David Bowie casts himself as Jesus in X-rated video
Youtube deems it 'adults only' while archbishop calls it 'juvenile'
(Picture: Floria Sigismondi)
Louise Saunders International
May 9, 2013
He's never been afraid to shock when it comes to his previous work in the music industry.
But David Bowie's latest video for upcoming track, The Next Day, could be set to become one of his most controversial pieces to date.
And it seems the video has already sent shock-waves throughout his fans as YouTube took the explicit video down within a few hours, saying it 'violated its terms of service'.
Premiering the montage on his Vevo page, the video sees Bowie depicted as Christ, while Oscar-winning actress Marion Cotillard takes on the role of a prostitute suffering from stigmata.
In rather unholy scenes some fans have hit out that Bowie is using the graphic images to mock religion.
The pair are joined by the legendary musician's long-time pal, actor Gary Oldman, who is seen as a preying priest.
Directed by acclaimed photographer and filmmaker Floria Sigismondi, who was at the helm of Justin Timberlake's recent Mirrors and Bowie's The Stars (Are Out Tonight), the video was conceived by the singer himself and looks set to shock with its theme of religious iconography.
Set in what appears to be a cross between a church and a brothel, the video opens with a fight between a man and a woman as Bowie, depicted as a Christ-like figure in a flowing Biblical-inspired smock, leads a veiled girl into the bar.
The musician then begins performing in the corner as a man practises self-flagellation, whipping himself on the back as he covers himself in blood.
Various religious figures are seen drinking at the bar, while a nun prays quietly and a cardinal hands out cash to a number of scantily-clad dancers.
Cotillard, dressed in just a skimpy black basque, positively smoulders as she sips a cocktail at the bar alongside a plethora of characters, including everyone from priests to crying brides as a plate of gruesome eyeballs are served up.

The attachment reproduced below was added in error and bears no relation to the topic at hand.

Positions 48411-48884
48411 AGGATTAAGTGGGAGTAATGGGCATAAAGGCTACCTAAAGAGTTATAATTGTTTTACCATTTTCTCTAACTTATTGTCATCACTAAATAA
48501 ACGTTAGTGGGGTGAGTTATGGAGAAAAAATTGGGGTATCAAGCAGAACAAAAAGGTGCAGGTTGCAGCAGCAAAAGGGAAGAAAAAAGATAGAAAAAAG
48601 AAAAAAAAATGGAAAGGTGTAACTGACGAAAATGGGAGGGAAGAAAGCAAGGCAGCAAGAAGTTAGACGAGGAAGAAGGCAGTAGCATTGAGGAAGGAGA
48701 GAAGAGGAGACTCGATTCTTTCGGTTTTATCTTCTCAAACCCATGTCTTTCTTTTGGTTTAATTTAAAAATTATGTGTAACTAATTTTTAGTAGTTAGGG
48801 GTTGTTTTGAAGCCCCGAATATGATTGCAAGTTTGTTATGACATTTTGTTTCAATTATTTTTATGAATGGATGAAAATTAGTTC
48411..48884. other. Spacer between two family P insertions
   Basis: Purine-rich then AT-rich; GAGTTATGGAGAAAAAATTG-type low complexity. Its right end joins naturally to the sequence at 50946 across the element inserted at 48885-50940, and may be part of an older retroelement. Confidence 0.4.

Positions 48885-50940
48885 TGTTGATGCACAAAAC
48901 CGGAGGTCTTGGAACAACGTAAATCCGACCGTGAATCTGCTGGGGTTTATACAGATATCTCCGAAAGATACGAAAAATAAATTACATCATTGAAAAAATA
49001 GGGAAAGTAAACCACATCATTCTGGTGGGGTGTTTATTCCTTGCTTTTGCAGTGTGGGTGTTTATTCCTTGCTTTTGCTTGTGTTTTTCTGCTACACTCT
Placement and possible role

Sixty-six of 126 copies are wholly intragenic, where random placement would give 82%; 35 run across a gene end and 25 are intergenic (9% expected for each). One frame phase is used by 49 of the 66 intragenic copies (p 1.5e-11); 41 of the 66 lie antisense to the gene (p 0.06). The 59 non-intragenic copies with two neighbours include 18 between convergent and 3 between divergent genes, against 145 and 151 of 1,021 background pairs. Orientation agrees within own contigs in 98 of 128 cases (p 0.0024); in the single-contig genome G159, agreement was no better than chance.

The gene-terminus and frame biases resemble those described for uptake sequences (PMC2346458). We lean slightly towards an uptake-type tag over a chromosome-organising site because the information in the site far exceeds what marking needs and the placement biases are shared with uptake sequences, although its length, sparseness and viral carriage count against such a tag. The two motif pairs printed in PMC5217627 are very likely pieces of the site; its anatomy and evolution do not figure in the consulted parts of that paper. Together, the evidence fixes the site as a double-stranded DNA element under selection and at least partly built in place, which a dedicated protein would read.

Oldman portrays a priest who takes a particular interest in the French star's character, sniffing around her as he leads her on to the dancefloor.
Within moments, Cotillard is swaying and sashaying seductively in time to the music as Oldman looks on in delight.
Wearing a slick of pillar-box red lipstick and sexy smokey eye make-up, the actress has the room entranced as she performs a series of sensual moves before dramatically dropping to her knees.
Recoiling in horror at what she is seeing, blood begins gushing out of the character's hands as she suffers from a case of stigmata.
Oldman shouts at Bowie, 'You see this? This is your doing! You call yourself a prophet!', as the singer is whipped by onlookers.
A scene of chaos erupts as Cotillard's blood splays all over the other characters and she falls into a pool of her own blood.
Calm is then restored when the prostitute is seemingly reborn, looking fresh-faced and innocent as she weeps silently while wearing a floral garland.
The video - shot at New York City's American Legion building - ends with Bowie simply saying: 'Thank you Marion, thank you Gary, thank you everybody.'
As the third comeback single, the video follows on from The Stars (Are Out Tonight), which saw Tilda Swinton play the 66-year-old star's fictional wife, whose world is torn apart by a menacing celebrity couple, played by androgynous models, Andrej Pejic and Saskia De Brau.
Oldman and Bowie previously worked together on Basquiat in 1996, which saw the musician play legendary artist Andy Warhol, and the pair also performed a duet on a 1995 solo album from Reeves Gabrels.
Many fans had given up hope of Bowie ever recording again after he appeared to retreat from the public eye for a number of years into relative obscurity, with some fleeting performances in 2006.
His unexpected new release of Where Are We Now reached number six in the UK charts, while his album The Next Day debuted at number one.
Source: Daily Mail
Incident is indicative of lethargic law and order, says priest
Philippine church, state need not be hostile to each other, prelate says
After being kidnapped for six weeks in Afghanistan, Judith D'Souza is now resting with family
More work needed through proper formation and training, they say
Act targeting terrorists has been used against marginalized communities as well, says human rights commission